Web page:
7: Rachel Boddy



Program and Year of Study

PhD, 3rd year

Previous degrees and colleges

BA Philosophy, Leiden University (The Netherlands)

MSc Logic, University of Amsterdam (The Netherlands)

Where did you grow up?

I grew up in Haarlem, The Netherlands.

Where do you live now?


What's your favorite spot in Davis?

My favorite spots in Davis are my backyard and Olive Tree Lane (in west Davis). I also especially like the Arboretum and The Dock Store. 

How do you relax?

Running, enjoying food/drinks, and cooking are probably my favorite ways to relax. But I also like to read, do yoga, or take a class at the Craft Center at UCD.

What was the last book you read for pleasure?

Infinite Jest by David Foster Wallace. 

What was the last film you saw at the theater?

Nocturnal Animals. I recommend it! 

Research interests

In general, my work focuses on questions at the intersection of symbolic logic, philosophy of mathematics/logic, and the history of analytic philosophy.

Dissertation title or topic

The topic of my dissertation is (very roughly) the role of definitions in proof, and the role of definitions in the philosophy of logic/mathematics. I am currently working out the details. 

Please share a surprising or noteworthy fact or finding from your research

It is possible to coherently claim that within a single proof a definition can be both eliminable and necessary.  

Which professor or class inspired you to pursue graduate studies?

The professor that inspired me to pursue graduate studies was my undergraduate advisor Bruno Verbeek at Leiden University. I attended several of his courses in moral and political philosophy. His teaching and mentoring had a profound influence on my interest in pursuing an academic career in philosophy.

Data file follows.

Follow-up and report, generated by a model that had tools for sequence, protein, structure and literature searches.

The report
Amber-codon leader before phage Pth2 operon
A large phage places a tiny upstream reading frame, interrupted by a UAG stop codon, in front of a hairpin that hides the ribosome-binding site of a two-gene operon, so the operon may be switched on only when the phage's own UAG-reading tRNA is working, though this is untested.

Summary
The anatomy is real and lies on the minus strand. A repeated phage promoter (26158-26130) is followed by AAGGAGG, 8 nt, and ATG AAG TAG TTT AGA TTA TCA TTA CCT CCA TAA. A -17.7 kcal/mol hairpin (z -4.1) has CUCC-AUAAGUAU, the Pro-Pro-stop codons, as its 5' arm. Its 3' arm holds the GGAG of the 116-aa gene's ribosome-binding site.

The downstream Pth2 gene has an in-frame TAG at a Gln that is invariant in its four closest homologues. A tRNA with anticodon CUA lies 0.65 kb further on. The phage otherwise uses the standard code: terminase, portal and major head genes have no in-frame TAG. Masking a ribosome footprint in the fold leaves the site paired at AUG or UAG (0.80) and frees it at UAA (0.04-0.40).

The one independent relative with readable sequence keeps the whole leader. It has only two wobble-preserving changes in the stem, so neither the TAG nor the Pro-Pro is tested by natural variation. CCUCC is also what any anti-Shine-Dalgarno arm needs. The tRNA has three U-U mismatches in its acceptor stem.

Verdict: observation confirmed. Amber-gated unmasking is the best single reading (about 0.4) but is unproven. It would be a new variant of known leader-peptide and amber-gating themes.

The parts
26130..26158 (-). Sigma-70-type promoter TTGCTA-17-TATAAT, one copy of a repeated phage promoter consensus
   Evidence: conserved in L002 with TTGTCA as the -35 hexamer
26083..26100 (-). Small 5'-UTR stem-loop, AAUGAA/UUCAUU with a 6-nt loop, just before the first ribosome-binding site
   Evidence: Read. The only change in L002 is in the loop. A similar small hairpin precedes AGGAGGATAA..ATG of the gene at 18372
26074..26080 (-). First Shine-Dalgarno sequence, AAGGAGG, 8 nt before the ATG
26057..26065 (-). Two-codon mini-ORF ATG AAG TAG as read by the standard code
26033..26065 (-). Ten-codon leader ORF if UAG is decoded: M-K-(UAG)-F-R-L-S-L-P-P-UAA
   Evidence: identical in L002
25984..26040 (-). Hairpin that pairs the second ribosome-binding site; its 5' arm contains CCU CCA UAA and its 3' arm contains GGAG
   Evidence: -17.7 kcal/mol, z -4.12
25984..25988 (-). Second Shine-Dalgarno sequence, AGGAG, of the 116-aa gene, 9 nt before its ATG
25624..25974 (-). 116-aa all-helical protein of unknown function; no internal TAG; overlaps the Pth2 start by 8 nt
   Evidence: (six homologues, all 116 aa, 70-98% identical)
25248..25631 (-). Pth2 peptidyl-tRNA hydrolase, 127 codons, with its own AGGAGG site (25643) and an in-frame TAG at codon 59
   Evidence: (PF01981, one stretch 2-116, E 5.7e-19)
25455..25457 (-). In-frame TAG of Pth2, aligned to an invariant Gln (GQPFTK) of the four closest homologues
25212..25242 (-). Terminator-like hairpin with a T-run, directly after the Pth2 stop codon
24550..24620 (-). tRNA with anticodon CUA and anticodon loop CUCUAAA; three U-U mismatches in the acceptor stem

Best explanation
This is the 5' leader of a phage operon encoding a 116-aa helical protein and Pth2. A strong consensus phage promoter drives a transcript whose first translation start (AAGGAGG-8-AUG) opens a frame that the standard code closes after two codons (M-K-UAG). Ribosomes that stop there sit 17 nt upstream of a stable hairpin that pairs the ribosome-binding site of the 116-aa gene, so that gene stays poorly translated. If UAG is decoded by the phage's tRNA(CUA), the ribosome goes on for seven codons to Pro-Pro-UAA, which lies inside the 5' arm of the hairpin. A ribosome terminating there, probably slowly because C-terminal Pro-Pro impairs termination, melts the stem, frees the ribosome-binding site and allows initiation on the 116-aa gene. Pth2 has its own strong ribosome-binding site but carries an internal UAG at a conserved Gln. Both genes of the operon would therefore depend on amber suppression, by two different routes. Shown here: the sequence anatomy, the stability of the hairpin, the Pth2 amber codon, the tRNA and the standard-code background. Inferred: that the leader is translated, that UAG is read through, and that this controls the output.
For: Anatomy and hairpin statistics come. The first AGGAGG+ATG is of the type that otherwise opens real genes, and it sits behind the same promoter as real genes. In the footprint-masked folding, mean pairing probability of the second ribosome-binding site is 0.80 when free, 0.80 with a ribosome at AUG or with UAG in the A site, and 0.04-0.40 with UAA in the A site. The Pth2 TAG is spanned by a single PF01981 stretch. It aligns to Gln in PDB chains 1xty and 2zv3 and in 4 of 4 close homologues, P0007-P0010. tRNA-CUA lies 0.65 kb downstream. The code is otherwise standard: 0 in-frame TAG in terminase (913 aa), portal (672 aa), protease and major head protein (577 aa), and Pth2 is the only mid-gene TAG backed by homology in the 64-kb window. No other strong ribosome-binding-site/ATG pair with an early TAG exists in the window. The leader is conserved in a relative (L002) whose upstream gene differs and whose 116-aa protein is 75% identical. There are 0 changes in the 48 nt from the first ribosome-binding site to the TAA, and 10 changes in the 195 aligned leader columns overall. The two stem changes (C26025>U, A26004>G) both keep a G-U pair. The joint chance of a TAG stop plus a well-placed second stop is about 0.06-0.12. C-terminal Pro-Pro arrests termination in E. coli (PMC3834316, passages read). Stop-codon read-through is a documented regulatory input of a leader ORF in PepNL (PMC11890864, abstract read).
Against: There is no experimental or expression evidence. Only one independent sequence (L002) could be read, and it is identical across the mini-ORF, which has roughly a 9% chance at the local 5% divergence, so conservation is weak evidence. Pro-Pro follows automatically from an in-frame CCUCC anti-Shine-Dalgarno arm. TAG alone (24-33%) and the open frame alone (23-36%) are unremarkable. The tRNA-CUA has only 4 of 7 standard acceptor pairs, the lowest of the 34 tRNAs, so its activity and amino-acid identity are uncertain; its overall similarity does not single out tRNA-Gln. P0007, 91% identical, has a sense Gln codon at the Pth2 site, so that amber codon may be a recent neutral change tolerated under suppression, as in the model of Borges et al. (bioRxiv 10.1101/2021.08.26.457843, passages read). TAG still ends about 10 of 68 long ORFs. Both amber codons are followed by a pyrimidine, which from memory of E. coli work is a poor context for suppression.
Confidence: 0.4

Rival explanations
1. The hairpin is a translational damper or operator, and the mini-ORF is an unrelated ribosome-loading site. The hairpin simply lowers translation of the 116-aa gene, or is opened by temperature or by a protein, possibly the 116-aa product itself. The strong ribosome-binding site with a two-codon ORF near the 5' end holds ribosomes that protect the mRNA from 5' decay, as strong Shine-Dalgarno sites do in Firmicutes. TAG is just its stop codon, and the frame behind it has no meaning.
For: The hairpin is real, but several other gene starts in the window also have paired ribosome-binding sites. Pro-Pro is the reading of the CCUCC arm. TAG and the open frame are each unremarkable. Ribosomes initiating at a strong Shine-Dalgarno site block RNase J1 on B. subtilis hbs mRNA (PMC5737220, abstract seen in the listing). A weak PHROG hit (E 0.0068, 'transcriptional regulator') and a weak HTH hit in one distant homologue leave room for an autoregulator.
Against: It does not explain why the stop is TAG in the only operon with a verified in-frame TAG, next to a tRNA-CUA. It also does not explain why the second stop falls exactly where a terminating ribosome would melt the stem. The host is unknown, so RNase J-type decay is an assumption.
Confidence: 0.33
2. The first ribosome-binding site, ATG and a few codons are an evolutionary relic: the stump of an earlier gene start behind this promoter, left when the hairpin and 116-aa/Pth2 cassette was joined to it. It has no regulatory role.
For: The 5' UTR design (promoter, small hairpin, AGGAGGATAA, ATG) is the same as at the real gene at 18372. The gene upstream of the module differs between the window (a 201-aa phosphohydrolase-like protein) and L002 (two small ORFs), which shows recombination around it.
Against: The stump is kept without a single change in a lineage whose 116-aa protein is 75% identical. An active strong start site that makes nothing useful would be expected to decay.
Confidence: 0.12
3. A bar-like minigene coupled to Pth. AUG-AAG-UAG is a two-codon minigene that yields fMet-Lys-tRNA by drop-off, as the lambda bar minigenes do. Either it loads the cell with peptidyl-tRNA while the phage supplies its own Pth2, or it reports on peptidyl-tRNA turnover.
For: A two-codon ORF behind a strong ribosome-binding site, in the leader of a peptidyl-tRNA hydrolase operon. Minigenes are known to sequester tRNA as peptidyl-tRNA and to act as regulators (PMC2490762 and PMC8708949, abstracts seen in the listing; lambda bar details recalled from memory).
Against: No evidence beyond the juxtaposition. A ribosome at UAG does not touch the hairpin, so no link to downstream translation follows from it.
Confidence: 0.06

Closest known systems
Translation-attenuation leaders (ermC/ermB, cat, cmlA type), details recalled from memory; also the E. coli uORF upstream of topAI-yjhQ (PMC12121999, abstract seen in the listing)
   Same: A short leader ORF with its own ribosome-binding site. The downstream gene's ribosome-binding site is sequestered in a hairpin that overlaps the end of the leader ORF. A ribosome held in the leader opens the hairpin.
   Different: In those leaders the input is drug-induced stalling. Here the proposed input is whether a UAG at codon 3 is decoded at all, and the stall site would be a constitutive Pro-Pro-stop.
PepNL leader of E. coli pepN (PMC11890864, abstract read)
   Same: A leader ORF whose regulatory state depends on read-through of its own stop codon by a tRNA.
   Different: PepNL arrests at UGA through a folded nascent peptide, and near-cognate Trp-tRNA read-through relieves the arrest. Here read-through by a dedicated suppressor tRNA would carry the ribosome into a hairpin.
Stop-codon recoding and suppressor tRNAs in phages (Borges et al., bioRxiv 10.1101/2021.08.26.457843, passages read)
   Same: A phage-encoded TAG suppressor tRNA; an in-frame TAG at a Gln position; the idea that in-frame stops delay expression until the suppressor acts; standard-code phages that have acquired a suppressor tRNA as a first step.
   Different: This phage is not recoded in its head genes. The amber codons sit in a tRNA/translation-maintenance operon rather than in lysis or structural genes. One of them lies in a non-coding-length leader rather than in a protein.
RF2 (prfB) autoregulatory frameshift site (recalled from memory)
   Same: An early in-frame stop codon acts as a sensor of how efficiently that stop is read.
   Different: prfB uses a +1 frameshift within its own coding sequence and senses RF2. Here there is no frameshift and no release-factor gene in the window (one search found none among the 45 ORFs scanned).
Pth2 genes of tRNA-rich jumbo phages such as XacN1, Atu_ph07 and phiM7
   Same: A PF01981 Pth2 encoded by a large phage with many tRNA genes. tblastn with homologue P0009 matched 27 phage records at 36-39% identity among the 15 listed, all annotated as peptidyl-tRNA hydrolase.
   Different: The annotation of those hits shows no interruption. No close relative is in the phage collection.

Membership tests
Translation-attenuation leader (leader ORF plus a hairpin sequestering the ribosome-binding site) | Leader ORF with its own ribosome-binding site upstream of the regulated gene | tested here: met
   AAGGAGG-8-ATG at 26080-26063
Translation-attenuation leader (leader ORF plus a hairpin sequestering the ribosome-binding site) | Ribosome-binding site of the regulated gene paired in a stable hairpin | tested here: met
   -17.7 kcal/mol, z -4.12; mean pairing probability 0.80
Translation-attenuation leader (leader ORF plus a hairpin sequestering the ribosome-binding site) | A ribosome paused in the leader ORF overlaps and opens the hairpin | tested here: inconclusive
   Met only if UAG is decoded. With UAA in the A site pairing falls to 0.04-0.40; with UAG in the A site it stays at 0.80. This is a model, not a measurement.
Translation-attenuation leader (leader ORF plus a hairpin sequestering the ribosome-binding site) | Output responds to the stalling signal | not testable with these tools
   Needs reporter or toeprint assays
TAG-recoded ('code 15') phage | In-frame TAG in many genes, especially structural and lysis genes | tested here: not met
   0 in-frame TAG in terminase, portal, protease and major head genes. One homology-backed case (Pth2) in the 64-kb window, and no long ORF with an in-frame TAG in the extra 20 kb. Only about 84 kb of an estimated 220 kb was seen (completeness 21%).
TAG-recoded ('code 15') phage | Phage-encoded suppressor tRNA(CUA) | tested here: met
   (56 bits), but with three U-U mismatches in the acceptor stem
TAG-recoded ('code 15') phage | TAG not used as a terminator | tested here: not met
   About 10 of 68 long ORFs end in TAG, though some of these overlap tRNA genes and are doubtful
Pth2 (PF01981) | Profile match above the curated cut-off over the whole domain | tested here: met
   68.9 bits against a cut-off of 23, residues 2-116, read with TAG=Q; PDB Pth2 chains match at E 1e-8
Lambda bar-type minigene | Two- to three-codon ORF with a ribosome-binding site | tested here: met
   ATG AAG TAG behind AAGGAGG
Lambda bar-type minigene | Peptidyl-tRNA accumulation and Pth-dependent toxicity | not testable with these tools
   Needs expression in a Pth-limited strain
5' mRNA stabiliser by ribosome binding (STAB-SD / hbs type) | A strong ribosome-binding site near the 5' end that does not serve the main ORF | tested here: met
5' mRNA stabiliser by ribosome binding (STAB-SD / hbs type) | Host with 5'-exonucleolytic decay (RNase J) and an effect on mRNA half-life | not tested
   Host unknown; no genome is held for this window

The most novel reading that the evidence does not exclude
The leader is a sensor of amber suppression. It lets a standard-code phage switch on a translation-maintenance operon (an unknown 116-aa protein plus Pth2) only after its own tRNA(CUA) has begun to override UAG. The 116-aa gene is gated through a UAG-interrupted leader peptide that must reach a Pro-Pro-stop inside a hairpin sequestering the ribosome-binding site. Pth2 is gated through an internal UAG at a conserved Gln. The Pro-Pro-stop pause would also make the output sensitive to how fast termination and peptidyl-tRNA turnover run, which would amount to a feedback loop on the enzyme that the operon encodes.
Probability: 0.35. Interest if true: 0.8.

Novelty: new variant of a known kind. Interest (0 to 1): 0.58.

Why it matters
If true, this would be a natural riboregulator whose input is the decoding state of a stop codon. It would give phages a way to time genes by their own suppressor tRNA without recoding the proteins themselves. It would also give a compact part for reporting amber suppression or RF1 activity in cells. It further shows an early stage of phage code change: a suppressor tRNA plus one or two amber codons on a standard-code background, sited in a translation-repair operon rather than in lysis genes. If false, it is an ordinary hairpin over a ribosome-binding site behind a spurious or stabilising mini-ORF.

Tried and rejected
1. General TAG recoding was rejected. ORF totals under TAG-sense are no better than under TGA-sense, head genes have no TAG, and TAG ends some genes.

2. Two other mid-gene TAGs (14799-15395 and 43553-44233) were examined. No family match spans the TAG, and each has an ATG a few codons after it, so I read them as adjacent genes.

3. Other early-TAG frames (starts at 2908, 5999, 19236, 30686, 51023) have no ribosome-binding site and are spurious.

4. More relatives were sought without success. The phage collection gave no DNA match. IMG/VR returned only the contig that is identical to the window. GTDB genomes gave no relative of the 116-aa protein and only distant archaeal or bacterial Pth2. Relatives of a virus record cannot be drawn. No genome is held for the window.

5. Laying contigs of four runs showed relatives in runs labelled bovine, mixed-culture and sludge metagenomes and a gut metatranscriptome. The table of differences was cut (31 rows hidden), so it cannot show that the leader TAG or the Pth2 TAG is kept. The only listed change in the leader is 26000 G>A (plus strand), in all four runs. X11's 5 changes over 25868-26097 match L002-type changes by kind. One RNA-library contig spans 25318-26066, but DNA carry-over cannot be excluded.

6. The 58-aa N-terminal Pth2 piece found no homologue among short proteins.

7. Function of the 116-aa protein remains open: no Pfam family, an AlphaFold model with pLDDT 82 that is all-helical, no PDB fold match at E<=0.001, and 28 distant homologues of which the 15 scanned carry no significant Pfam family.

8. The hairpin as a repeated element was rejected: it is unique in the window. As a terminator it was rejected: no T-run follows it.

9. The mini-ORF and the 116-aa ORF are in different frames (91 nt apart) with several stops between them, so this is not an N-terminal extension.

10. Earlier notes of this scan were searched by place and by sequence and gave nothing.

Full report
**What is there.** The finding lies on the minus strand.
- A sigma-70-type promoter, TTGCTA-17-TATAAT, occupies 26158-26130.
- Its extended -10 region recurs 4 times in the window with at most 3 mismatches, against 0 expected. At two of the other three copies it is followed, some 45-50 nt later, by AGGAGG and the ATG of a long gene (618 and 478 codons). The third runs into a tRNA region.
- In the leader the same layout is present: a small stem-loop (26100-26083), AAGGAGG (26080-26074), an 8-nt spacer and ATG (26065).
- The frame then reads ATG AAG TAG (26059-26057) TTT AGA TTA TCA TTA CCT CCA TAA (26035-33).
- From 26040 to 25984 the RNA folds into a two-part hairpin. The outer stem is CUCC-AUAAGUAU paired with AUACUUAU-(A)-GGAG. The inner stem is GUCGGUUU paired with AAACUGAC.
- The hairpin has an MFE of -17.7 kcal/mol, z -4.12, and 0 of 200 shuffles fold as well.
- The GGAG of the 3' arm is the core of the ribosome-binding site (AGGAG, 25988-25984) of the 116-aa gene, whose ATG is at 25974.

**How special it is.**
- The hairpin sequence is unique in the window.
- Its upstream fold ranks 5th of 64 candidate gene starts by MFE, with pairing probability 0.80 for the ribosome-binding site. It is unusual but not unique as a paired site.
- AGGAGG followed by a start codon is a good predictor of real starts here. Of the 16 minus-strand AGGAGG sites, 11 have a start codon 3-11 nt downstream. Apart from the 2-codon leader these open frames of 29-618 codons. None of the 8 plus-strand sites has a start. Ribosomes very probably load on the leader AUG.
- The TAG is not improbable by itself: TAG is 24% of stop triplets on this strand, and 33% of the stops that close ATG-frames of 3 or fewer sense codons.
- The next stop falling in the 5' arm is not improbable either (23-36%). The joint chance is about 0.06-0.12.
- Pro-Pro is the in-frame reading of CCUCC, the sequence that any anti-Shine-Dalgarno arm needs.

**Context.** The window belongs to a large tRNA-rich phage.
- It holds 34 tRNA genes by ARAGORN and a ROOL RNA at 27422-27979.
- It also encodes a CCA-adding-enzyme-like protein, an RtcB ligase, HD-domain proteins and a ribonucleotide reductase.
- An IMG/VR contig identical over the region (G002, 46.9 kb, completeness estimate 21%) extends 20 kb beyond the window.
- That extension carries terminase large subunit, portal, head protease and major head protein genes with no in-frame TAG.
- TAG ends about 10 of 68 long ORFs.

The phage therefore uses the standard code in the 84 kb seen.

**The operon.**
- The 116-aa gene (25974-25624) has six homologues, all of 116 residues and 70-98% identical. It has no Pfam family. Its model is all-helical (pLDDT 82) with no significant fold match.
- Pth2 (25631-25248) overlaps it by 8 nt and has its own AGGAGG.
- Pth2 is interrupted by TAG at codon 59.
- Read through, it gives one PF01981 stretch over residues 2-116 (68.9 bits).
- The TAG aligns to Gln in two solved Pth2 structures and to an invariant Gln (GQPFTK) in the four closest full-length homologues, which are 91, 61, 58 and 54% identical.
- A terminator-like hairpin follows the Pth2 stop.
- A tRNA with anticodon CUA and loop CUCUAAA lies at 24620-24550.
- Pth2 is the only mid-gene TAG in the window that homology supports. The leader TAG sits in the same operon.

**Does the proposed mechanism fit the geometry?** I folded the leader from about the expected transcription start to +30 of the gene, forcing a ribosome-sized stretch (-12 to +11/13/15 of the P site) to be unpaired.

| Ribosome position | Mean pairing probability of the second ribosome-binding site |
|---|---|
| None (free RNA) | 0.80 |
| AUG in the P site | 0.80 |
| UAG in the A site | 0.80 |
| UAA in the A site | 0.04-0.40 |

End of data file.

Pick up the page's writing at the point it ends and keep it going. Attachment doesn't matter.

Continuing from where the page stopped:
Which scholarly text do you wish you had written? Why?

Well, since I admire Gottlob Frege’s book The Foundations of Arithmetic, perhaps I should wish that I had written that book (all else being equal). 

Which other researchers at UC Davis are doing work that particularly interests you?

Perhaps unsurprisingly, I find the work of my dissertation advisor Robert May especially interesting (particularly his work on Frege’s logicism and his work on generalized quantifiers)! I also find the work of Giacomo Bonanno (in the Department of Economics) very interesting. 

What’s the best thing about being a grad student?

For me the best thing certainly includes the freedom to pursue my research interests and to do so together with others. I really like my work environment, including my peers, my professors and the administrative staff at my department. I also really like having a flexible schedule. 

What’s the worst?


If you weren’t a grad student, what would you be doing?

Not sure. I might have opted for the consulting world. I also could have been a lawyer by now.  

Finally, please ask yourself a question

To what extent do you think your work can and should have a broader societal impact? 

Especially given the current political climate in the US, I think it is very important to help students develop (and value) their critical skills, e.g. their skills in critically evaluating arguments, based on the plausibility of the assumptions and the structure of an argument, rather than on some prior commitment to the truth of their conclusion. This is one way in which I think work in philosophy can (and should) make an important contribution (though by no means the only way).


—March 2017


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